HM: If you're sad about that, you don't even want to think about the history of how women have been treated. That will make you really fucking sad. *Laughs*
I heard you tell a story where you were spending time with bands and artists you thought were socially progressive in the UK, and they straight-out said to you, "You're too pretty to be a feminist". It left a gross taste in my mouth.
HM: *Laughs* That was actually quite recently, as well. No matter where you go, you think you're in an enlightened world, and then you come against people who are genuine misogynists. It really makes you realise that you're not just rambling on about this – it's still a very important issue to discuss. Interestingly, I've observed a tipping of the scales in my short-lived music career. Back in the day, I was working with people who genuinely didn't think feminism was a cool card to play. People were actually warning me against talking about it, and shunning me for "playing the victim". Those same people have now come out and admitted they were wrong. It's cases like that where you think, "I'm glad I pushed through with this, and I didn't back down." In a way, I wish I was strong from the start, but I think that self-doubt was natural. You bolster your beliefs slowly and gradually.
Your album opener "Stand And Deliver" addresses that quite directly. You paraphrased a Shirley Temple song for the opening verses – where did that come from?
HM: It's a song from her film 'Poor Little Rich Girl'. If you listen to the original song, it sounds really cute, but it's actually really fucked up at the same time. It's about wanting to see her dad more. It's fucking twisted, man. I added in the allusions to the island and all of that to make sure it fit in with The Jezabels sound. I mean, she proposes to her dad. I can't believe that was even an idea in Temple's time.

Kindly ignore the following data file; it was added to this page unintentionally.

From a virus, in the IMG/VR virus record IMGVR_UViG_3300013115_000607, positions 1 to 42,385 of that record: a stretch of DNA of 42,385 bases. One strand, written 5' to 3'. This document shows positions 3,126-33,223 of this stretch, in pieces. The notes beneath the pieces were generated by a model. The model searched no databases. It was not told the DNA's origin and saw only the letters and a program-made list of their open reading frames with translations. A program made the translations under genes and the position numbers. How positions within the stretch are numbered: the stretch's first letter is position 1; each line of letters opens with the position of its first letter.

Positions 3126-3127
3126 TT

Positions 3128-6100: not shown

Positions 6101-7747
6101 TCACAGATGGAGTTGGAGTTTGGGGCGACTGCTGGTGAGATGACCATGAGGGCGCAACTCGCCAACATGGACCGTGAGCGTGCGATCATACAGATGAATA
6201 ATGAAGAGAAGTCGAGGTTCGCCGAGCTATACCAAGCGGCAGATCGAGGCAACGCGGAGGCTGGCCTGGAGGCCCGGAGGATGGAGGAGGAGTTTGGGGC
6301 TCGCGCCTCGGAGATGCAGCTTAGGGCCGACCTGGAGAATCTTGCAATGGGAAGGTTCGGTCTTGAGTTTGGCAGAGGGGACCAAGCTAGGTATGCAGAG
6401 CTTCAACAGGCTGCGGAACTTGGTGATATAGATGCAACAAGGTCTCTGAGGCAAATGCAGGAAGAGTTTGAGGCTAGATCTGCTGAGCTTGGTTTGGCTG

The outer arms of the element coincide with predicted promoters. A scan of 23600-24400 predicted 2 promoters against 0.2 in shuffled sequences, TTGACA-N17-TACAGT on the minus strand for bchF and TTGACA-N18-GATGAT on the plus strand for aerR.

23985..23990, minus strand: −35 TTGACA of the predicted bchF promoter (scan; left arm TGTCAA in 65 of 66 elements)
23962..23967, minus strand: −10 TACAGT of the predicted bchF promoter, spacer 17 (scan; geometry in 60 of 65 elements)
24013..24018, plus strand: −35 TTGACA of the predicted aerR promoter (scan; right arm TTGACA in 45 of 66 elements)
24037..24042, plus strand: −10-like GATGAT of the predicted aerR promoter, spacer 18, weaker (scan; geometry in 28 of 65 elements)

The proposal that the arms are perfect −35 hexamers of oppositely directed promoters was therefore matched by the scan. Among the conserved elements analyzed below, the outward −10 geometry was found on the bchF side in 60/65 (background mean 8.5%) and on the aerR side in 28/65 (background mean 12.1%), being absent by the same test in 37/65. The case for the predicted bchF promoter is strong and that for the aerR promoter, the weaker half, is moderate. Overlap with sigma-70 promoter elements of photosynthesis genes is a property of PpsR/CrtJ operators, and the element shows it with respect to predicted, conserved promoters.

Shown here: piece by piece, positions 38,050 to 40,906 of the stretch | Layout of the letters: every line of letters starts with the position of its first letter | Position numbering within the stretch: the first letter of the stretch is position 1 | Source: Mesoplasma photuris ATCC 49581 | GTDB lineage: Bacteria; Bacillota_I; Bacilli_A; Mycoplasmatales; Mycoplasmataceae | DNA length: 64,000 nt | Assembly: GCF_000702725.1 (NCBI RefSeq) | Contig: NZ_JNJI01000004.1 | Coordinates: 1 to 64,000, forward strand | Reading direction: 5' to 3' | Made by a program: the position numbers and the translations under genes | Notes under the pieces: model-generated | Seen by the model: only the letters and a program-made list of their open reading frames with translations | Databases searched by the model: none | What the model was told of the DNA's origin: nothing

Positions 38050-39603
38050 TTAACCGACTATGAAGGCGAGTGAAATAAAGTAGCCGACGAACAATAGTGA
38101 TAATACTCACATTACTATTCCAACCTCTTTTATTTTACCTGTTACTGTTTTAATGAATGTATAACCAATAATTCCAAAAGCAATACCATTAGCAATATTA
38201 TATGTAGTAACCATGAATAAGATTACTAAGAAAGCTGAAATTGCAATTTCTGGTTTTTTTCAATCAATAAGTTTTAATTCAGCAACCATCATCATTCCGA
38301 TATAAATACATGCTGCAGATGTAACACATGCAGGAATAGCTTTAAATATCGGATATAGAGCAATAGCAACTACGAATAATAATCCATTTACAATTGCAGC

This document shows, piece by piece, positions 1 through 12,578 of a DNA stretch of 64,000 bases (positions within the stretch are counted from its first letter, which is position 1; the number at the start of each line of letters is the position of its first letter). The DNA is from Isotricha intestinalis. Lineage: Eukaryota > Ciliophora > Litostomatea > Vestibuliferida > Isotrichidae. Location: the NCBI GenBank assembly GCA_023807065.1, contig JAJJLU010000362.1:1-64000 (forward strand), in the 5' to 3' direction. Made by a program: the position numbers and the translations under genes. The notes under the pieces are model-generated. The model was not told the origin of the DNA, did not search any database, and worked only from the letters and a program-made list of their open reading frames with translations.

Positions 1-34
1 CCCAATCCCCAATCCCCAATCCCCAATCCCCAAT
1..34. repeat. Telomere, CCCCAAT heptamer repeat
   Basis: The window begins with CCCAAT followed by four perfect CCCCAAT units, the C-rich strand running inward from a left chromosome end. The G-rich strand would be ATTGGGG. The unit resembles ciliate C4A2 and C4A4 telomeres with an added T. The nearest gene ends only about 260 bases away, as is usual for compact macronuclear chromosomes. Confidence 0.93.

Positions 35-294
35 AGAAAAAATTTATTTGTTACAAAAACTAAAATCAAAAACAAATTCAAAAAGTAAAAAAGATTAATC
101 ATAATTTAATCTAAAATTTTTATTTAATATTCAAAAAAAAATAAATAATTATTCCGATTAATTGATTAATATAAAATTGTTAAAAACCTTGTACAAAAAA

How did you come across that?
HM: I don't even know. *Laughs* I think it was during one of my journeys into the abyss. I was a Shirley Temple fan as a child. Actually, I remember how I got to it! I was actually fascinated with groupie culture. In our time off, I'd gone off and hung out with rockstars, and taken a lot of drugs, and just partied hard. I guess I lived a bit of a groupie lifestyle, and in that world, that's how guys treat you. I was meeting gorgeous models who were dating rockstars, and that's where they drew their sense of self-worth from. I also became fascinated with figures like Edie Sedgwick, and then I ended up coming across the Poor Little Rich Girl film that Andy Warhol made and Sedgwick starred in. "Stand And Deliver" was birthed from that relationship between groupies and rockstars. It explores the image of the relationship a little girl has with tradition and admiration for a rockstar.
There's a few lines in there that stood out to me as particularly potent – "And it's something quite unfair, even systematically / That she wants the same success, but she's lacking in the breeding". You definitely weren't shrouding anything in poetic allusion there – that is amazingly direct.
HM: There's definitely some straight up lines on 'Synthia'. I'm glad I didn't beat around the bush. I tried to litter in enough absurdity so that it wouldn't just be directly didactic, though.
I will never forget sitting at a party at sixteen years of age and hearing your song "She's So Hard". I became absolutely hooked from that point. Thank you for essentially providing the soundtrack to my adolescence.
HM: Wow! That's so kind! What kind of a party was that, though? "She's So Hard" is so damn sad. Are you sure you weren't at a funeral? *Laughs*
Must have been a strictly sit-down affair. *Laughs* But seriously – amidst the personal chaos and everything that's been going on for you as a band, you still managed to put out what is, in my opinion, your best album yet. Thank you.
HM: Thank you so much for that. I've definitely had a couple of wines, so I hope I didn't say anything too controversial. *Laughs*
Wine only makes the banter better, right?
HM: Yeah – until you start accidentally offending people. I won't go any further with that...
Best Before sends all our love and wishes for a speedy, comfortable recovery to keyboardist Heather Shannon. ❤
'Synthia' is out right now through Dine Alone Records – you can purchase it right here.
You can also read our full review of 'Synthia' here.